“Which was the point, of course,” Andren reminds me.

“I know, I know. Anyhow, this could be a second attempt by the same people, and I lean towards thinking it is. On the other hand, since the truth about Coyld came out, there could be others who aren’t happy about it.”

“Either way, who would have motive?” Andren is more thinking out loud than asking me, but I’m used to this. He is, I suddenly realize, back to treating me as one of his trusted people, rather than a traitor. Whether he knows it or not, in his heart he believes me.

“Or to look at it from the other direction, what is Bitan’s motive?” I suggest.

“How far is he from the throne?” Andren muses. “No, he’s not in the royal line at all; he was only her husband’s brother.”

“Who would be next in line, if something happened to Iglacia and Coyld?”

“There’s no clear successor. It could come to civil war.”

“Would that take Coyld dying too? I’d think there’d be even more of a civil war if he was alive and one of the claimants to the throne.”

Andren shakes his head. “There’d be some people who wouldn’t want him, bit Iglacia’s well loved, and she’s made it quite clear that Coyld is her son and heir. Most of the country would rally behind him, and any war would be over quickly with Coyld as the clear victor.”

“And Bitan doesn’t have any right whatsoever? So what’s his motive?”

“Morals? Politics? Or… who was the man he was talking to? Maybe it isn’t Bitan’s plot.”

“Maybe, but that’s not the sense I got. It seemed to me as though the other man was just hired help, an assassin or a middleman.”

“We’re not getting anywhere looking at it this way, so what about this? We don’t know who revealed that Coyld is Kylana’s son, but who first found out about it?”

“Whoever hired the assassin who killed Kylana? I don’t see where you’re going.”

“The question is, what was the goal? Did they want Kylana dead, or the queen, or Coyld, or all three of them, or any two? Or either of us, we were both on the stairs as well. And we’ve been assuming it’s about Iglacia, but Kylana worked for me for over a decade; she had more than her share of enemies.”

“Does that work with how it went down though?” I relived the scene in my mind. We’d been coming down the stairs of the palace, Kylana and Andren on either side of the queen, Coyld and I a few steps behind. Suddenly Kylana fell, an arrow in her chest. Iglacia bent to help Kylana; Andren ran after the archer; I tried to shield Coyld, but he screamed for his mother and ran over. Iglacia grabbed him—

And suddenly, I see it, I understand who did what and how it all happened. I must have made a noise, because Andren looks at me sharply and asks, “What?”

“I know who revealed the secret.”

“Well?” he demands.

“Think of exactly what happened, when Kylana died.”

He gives me a look, but says, “We were coming out of the palace. Kylana fell on the steps, bleeding. You and Iglacia tried to help her, and I ran after the attacker, and Coyld screamed for his mother, and she grabbed him-“

“No,” I interrupt. “That’s your interpretation. What actually happened?”

It takes him only a second to see it then. He looks at me in awed horror. “Kylana fell and he screamed, ‘Mother!’”

“She must have told him, I think. Iglacia wouldn’t have, and…. Maybe she just wanted him to know. She loved him, of course. She couldn’t have thought…”

Andren nods. “I’m sorry, Lilidy.”

I shrug. “You didn’t know.”

“I could have trusted you.”

“You? Trust someone? I know you better than that.”

He smiles, but then his face goes grim. “I think we agree that Coyld wasn’t behind it.”

“Of course not. He’s six, and even if he could have, he loves Iglacia, and loved Kylana even without knowing she was his mother. “

“And he’s not a child to go around telling secrets just because he knows them. So the question is, who manipulated it out of him?”

“The obvious answer would be Bitan, but if so, why?”

“Fortunately, we don’t have to speculate anymore,” Andren said with a grin. “I’ll go up and invite Coyld over for some hot chocolate.”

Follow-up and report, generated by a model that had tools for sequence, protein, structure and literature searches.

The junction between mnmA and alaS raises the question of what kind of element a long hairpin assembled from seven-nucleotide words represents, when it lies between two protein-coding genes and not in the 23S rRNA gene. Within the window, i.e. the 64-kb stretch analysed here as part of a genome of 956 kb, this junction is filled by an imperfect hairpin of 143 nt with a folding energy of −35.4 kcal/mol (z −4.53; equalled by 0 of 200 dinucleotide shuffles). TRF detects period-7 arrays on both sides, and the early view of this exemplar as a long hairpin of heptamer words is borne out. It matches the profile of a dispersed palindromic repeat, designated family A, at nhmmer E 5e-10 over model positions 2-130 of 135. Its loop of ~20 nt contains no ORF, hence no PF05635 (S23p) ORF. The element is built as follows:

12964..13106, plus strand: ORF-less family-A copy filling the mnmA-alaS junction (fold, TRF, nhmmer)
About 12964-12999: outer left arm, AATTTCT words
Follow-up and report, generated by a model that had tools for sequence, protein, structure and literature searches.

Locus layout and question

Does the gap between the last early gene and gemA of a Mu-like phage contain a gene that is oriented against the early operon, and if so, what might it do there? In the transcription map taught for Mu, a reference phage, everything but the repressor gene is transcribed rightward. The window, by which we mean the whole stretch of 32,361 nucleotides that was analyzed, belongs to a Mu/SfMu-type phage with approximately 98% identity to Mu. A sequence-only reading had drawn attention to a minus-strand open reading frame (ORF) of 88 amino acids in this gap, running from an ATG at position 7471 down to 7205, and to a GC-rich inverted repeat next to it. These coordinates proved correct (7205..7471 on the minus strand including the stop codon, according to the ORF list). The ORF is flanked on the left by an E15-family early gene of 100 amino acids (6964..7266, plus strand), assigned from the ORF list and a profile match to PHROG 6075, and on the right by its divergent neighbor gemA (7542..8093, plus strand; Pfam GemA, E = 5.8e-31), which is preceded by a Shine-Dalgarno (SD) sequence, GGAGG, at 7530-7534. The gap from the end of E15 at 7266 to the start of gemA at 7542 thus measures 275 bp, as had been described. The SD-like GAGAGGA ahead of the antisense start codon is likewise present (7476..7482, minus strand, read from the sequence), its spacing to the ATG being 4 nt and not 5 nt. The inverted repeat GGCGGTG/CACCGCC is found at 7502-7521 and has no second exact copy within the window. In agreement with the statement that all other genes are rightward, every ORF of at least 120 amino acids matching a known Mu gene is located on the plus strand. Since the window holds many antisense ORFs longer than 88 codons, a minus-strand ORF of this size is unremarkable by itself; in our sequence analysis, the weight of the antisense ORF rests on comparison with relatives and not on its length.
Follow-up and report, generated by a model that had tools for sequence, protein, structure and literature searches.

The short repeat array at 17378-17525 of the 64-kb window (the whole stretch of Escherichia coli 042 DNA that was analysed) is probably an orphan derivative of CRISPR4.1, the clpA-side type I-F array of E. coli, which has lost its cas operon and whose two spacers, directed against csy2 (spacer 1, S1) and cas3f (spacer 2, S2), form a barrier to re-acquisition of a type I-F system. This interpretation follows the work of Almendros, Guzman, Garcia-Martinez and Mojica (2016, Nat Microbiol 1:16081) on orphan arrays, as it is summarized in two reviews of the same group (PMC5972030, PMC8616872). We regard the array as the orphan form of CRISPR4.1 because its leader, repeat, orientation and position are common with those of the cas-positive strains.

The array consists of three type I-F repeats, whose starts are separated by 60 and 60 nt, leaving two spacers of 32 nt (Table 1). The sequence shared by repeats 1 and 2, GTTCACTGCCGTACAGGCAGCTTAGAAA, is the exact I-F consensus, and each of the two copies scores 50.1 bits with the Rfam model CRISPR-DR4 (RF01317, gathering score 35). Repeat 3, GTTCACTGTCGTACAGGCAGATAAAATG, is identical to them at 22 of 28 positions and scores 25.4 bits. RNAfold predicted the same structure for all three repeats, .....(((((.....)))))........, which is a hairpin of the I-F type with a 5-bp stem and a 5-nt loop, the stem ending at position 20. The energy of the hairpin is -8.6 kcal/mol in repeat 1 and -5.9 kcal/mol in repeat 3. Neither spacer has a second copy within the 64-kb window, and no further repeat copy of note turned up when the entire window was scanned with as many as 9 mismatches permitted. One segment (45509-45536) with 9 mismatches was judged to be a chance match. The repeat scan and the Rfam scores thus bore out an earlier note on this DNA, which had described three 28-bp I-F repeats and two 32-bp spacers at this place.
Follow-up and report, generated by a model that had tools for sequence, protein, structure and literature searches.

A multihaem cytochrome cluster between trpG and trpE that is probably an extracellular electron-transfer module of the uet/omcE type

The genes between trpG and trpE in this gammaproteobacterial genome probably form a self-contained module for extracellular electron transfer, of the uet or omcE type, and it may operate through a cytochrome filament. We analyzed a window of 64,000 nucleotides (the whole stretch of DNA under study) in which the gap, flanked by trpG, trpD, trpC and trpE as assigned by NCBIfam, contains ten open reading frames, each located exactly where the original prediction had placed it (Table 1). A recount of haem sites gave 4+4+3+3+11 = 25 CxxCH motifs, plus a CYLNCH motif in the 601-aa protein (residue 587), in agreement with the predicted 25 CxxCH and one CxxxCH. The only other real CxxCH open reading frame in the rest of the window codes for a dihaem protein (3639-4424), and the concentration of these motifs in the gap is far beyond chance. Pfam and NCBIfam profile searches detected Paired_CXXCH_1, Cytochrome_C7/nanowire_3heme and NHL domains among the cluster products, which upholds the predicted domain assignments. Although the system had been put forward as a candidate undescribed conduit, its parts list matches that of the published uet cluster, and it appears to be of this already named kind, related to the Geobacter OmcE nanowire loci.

While he was gone, I prepared the drink. About ten minutes later, Coyld flew into the room, nearly knocking my cup from my hands with his hug. “Lilidy!!! I’ve missed you! You’re back!”

I hugged him back, then gave him a glass of hot chocolate, and the three of us sat down to talk.

“Do you know why I was gone?” I began, because I couldn’t just blurt out, “Who did you tell that the queen isn’t your real mother?”

“To spy on bad people,” Coyld replied cheerfully.

“That ended up being part of it, but it was actually because your mother and Andren thought I’d told people that Kylana was your real mother.” I watched his reaction carefully.

“You knew?” he asked me, surprised and worried. “But she said nobody was supposed to know!”

“I knew before you were even born,” I told him. “But what we need to know is if you’ve told anyone.” I was careful to keep my voice light and unnacusing, but Coyld still looked a little scared.

Andren added kindly, “It might have been someone who already knew, and asked you about it?” I glanced at him. I hadn’t thought of it, but that made the most sense—that someone had suspected, or even just suspected there was some secret, and used Coyld to verify it.

“Oh, him,” said Coyld. “It was just my cousin.”

“Your cousin?”

“Imkel, my cousin,” Coyld explained.

I wanted to slap myself. “I’m an idiot!” I exclaimed loudly. “It wasn’t just some assassin, it was Bitan’s son!”

We wait to discuss it until Andren gets back from bringing Coyld home. “I told Iglacia. She sends her deepest apologies and hopes you’ll return to her service. Though, some spy you are; you worked in Bitan’s house and you didn’t even recognize his son?” He was joking, mostly.

“I wasn’t there as a spy; there’s no reason I would have. I’ll do better next time. The question is, does this change anything, besides for confirming it?”

“Does it give them a motive, you mean? I think it does. He’s not in direct line for the throne, but no one else is any closer, and as a strong young man, with a family—you know his wife’s pregnant?” I hadn’t known, but did realize that it would make him a better candidate for the throne, in most people’s eyes—they wouldn’t have to worry about dealing with another civil war when he died. Andren continued, “And he is related to the queen, even though it’s just by marriage. He’d have at least a chance of winning the throne, and that’s enough of a motive.”

He sent out several men to arrest Bitan and Imkel. They returned with their prisoners two days later. Imkel demanded a trial be combat, to the death. He lost. Bitan settled for being tried by the queen. He also lost.